Researchers show a new type of vaccine can reduce the incidence of pneumonia in children with and without human immunodeficiency virus (HIV).
Acute respiratory infections are a major cause of death in children under age 5. Additionally, pneumonia is becoming increasingly resistant to antibiotics. Doctors from around the world are in search of new methods to treat the illness.
Researchers, conducted a study with nearly 40,000 children in South Africa. At 6 weeks, 10 weeks and 14 weeks of age, half of the children received the 9-valent pneumococcal polysaccharide vaccine. All of the children received the flu vaccine.
The researchers found the pneumonia vaccine decreased the rate of the particular strain of pneumonia in the vaccine, by 72 percent. It also reduced the rate of confirmed cases by 17 percent. In an accompanying editorial, the authors write, "The decrease in these two outcomes were remarkably similar in both U.S. children and South African children. However, in South Africa about one third of the cases of invasive disease caused by serotypes included in the vaccine were associated with meningitis, a much higher proportion than in the United States."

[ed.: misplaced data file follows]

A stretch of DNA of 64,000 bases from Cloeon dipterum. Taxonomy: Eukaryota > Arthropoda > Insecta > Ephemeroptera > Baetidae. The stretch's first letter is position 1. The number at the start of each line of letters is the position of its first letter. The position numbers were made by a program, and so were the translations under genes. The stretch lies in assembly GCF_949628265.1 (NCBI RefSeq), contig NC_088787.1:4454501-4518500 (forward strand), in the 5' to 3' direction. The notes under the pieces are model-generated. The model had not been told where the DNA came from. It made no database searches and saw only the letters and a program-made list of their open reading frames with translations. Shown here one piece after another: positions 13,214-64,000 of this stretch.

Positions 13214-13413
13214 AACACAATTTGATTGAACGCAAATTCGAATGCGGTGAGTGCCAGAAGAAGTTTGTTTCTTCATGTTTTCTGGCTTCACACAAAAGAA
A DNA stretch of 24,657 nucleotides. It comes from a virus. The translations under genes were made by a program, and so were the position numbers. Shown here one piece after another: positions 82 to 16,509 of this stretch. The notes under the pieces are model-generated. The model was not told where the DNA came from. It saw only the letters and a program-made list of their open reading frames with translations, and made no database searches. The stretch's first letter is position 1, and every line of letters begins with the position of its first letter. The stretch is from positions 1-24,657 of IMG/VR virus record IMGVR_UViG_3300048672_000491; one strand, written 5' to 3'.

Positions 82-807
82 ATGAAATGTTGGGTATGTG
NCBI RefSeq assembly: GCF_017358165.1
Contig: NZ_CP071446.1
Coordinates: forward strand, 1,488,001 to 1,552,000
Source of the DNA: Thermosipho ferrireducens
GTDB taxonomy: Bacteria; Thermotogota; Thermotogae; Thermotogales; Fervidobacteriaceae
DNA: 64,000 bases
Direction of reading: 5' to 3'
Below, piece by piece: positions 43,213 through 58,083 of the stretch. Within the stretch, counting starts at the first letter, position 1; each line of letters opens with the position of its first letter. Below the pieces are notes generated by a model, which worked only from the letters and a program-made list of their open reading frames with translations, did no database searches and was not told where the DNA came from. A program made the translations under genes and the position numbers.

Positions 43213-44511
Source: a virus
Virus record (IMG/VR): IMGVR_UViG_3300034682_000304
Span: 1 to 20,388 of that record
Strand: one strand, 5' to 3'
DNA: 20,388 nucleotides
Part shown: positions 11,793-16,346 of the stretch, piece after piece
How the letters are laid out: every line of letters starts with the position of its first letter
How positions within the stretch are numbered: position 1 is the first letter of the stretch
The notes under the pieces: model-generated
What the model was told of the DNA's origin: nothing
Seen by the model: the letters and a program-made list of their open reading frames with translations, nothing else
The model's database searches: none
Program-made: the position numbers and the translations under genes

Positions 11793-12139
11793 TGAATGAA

This vaccine, according to the study investigators, may be useful in countries where HIV infection is a significant cause of pneumonia. It also may reduce the risk of antibiotic resistance. However researchers noted an increase in asthma in those who received the vaccine, but that reason is not yet understood.